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Serum Lipid Metabolic Derangement is Associated with Disease Progression During Chronic HBV Infection by Wen-Jun Cao, Tong-Tong Wang, Yu-Feng Gao, Yin-Qiu Wang, Teng Bao, Gui-Zhou Zou

Background: To investigate the relationship between serum lipid levels and disease progression during chronic hepatitis B virus infection.
Methods: We selected 73 healthy controls and 163 patients with chronic HBV infection as the study subjects. The chronic HBV infection patients were divided into the HBV carrier group (74 patients), chronic hepatitis B group (71 patients), and liver cirrhosis group (21 patients). The age, gender, body mass index, blood lipid index, liver function index, and HBV DNA levels of all participants were tested and recorded. A t-test or the Mann-Whitney U test was used to compare the data between two groups; data from multiple groups were compared using one-way ANOVA or the Kruskal-Wallis Test.
Results: We observed that the serum HDL cholesterol (1.00 ± 0.30 mmol/L in the HBV-infected group, 1.29 ± 0.23 mmol/L in the control group) and APOA (1.29 ± 0.35 mmol/L, 1.36 ± 0.21 mmol/L, respectively) concentrations were significantly lower in the HBV-infected group than in the control group (p < 0.05). As the disease progressed, the blood lipid and lipoprotein values were significantly lower in the cirrhosis group TC (3.26 ± 1.00 mmol/L), HDL cholesterol (0.77 ± 0.33 mmol/L), LDL cholesterol (2.09 ± 0.62 mmol/L), and APOB (0.57 ± 0.18 mmol/L) compared with the control group, the carrier group, and the chronic hepatitis B group (p < 0.05). The serum HBV DNA level was significantly, positively correlated with the blood HDL concentration (carrier group R = 0.340, p = 0.02; chronic hepatitis B group R = 0.329, p = 0.014). There was no correlation between the HBV DNA and lipid levels in patients with cirrhosis.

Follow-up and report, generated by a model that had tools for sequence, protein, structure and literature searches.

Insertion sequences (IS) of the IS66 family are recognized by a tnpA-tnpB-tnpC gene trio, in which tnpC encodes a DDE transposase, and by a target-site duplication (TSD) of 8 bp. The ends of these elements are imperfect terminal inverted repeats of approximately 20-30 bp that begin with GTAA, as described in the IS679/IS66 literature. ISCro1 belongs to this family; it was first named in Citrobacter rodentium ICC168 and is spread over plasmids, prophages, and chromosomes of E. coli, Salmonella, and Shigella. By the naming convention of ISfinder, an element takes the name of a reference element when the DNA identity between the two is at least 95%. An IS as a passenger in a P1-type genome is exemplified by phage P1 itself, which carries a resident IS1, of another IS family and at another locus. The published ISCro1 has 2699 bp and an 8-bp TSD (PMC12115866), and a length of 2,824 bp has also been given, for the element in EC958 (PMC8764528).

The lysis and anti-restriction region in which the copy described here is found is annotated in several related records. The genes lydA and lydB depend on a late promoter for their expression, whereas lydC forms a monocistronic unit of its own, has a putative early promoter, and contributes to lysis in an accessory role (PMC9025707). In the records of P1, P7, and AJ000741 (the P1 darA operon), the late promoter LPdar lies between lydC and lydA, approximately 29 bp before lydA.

Conclusions: Serum lipid metabolic derangement was associated with disease progression during chronic HBV infection. Liver function and blood lipid levels were significantly lower in patients with hepatitis B-related cirrhosis.

DOI: 10.7754/Clin.Lab.2019.190525